Alterity also announced the publication of an in vitro study concluding that the novel mechanism of action of ATH434, previously known as PBT434, provides a compelling case for its continued development as a therapeutic agent in neurodegenerative diseases associated with iron accumulation. As published in Plos One, the publication, entitled, “The iron chelator, PBT434, modulates transcellular iron trafficking in brain microvascular endothelial cells,” demonstrated that ATH434 is able to bind and redistribute iron, thus limiting the downstream oxidative stress involved in cytotoxic protein aggregation. Additionally, the investigation showed that while ATH434 has moderate effects on the regulation of iron-dependent protein expression, it does not interfere with normal cell physiology, unlike high affinity iron chelators.
Dr. Stamler, concluded, “This study explains how ATH434 promotes removal of excess iron from cells, thus reducing aggregation of proteins such as α synuclein that are implicated in the pathology of Parkinsonian disorders. The findings are consistent with previous research on our lead clinical asset and support our strategy of targeting the excess iron implicated in these important neurodegenerative diseases.”
The publication can be accessed here.
About ATH434
Alterity’s lead candidate, ATH434, is the first of a new generation of small molecules designed to inhibit the aggregation of pathological proteins implicated in neurodegeneration. ATH434 has been shown preclinically to reduce α-synuclein pathology and preserve nerve cells by restoring normal iron balance in the brain. In this way, it has excellent potential to treat Parkinson’s disease as well as various forms of atypical Parkinsonism such as Multiple System Atrophy (MSA). ATH434 has successfully completed a Phase 1 clinical trial demonstrating the agent is well tolerated, orally bioavailable, and achieved brain levels comparable to efficacious levels in animal models of MSA, with the objective of restoring function in patients with MSA and other Parkinsonian disorders.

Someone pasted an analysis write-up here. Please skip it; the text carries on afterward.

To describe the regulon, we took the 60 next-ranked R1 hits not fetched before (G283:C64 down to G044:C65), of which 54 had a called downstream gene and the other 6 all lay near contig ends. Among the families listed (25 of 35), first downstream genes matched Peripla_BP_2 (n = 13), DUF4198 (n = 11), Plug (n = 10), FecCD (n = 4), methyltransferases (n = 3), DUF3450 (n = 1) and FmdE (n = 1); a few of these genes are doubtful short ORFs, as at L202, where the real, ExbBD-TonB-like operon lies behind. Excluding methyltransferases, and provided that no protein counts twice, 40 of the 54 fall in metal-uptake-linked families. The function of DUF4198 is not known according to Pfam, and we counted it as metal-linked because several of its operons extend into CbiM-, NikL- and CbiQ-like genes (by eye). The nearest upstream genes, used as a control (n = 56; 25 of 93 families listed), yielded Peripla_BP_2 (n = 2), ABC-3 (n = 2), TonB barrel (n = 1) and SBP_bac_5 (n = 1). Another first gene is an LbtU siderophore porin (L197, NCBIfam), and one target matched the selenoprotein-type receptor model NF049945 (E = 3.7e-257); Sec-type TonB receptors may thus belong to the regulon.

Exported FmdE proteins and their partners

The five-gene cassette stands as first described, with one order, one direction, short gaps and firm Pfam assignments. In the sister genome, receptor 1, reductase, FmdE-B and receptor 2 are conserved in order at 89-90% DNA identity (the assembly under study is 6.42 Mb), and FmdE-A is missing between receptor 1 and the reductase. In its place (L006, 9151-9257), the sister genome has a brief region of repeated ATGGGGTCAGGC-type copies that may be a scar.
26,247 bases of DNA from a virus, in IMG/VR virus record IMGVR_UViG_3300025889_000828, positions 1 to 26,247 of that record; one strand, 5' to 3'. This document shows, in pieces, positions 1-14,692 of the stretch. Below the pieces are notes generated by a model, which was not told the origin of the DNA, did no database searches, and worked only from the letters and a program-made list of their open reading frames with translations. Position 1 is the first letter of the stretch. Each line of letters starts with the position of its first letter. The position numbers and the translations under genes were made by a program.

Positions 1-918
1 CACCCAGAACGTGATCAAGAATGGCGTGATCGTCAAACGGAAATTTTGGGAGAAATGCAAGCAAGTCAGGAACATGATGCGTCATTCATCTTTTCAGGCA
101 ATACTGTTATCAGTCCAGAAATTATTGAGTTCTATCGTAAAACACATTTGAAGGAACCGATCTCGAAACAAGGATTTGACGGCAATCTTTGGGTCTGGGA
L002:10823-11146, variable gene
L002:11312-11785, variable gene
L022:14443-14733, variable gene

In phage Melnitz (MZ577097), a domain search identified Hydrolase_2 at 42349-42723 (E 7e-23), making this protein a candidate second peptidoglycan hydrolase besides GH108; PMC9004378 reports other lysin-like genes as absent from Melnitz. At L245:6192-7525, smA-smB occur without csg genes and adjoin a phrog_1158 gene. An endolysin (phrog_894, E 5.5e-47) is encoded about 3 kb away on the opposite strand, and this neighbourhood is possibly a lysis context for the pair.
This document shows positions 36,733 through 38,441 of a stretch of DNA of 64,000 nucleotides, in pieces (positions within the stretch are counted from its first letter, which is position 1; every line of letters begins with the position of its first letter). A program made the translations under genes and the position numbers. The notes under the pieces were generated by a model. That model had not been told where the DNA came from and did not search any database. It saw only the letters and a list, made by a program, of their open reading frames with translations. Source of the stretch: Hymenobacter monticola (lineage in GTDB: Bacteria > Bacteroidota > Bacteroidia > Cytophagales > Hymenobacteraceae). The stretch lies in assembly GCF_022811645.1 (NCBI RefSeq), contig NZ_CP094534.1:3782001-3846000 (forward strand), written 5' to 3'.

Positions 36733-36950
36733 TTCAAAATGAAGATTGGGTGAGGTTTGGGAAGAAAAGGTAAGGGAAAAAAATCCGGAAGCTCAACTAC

ATH434 has been granted Orphan designation for the treatment of MSA by the U.S. FDA and the European Commission.
About Multiple System Atrophy
Multiple System Atrophy (MSA) is a rare, neurodegenerative disease characterized by a combination of symptoms that affect both the autonomic nervous system and movement. The symptoms reflect the progressive loss of function and death of different types of nerve cells in the brain and spinal cord. It is a rapidly progressive disease and causes profound disability. MSA is a Parkinsonian disorder characterized by motor impairment, autonomic instability that affects involuntary functions such as blood pressure maintenance and bladder control, and impaired balance and/or coordination that predisposes to falls. A pathological hallmark of MSA is the accumulation of the protein α-synuclein within the support cells of the central nervous system and neuron loss in multiple brain regions. MSA affects approximately 15,000 individuals in the U.S., and while some of the symptoms of MSA can be treated with medications, currently there are no drugs that are able to slow disease progression and there is no cure.”

You May Also Like…

0 Comments

Submit a Comment

Your email address will not be published. Required fields are marked *

Copy link
Powered by Social Snap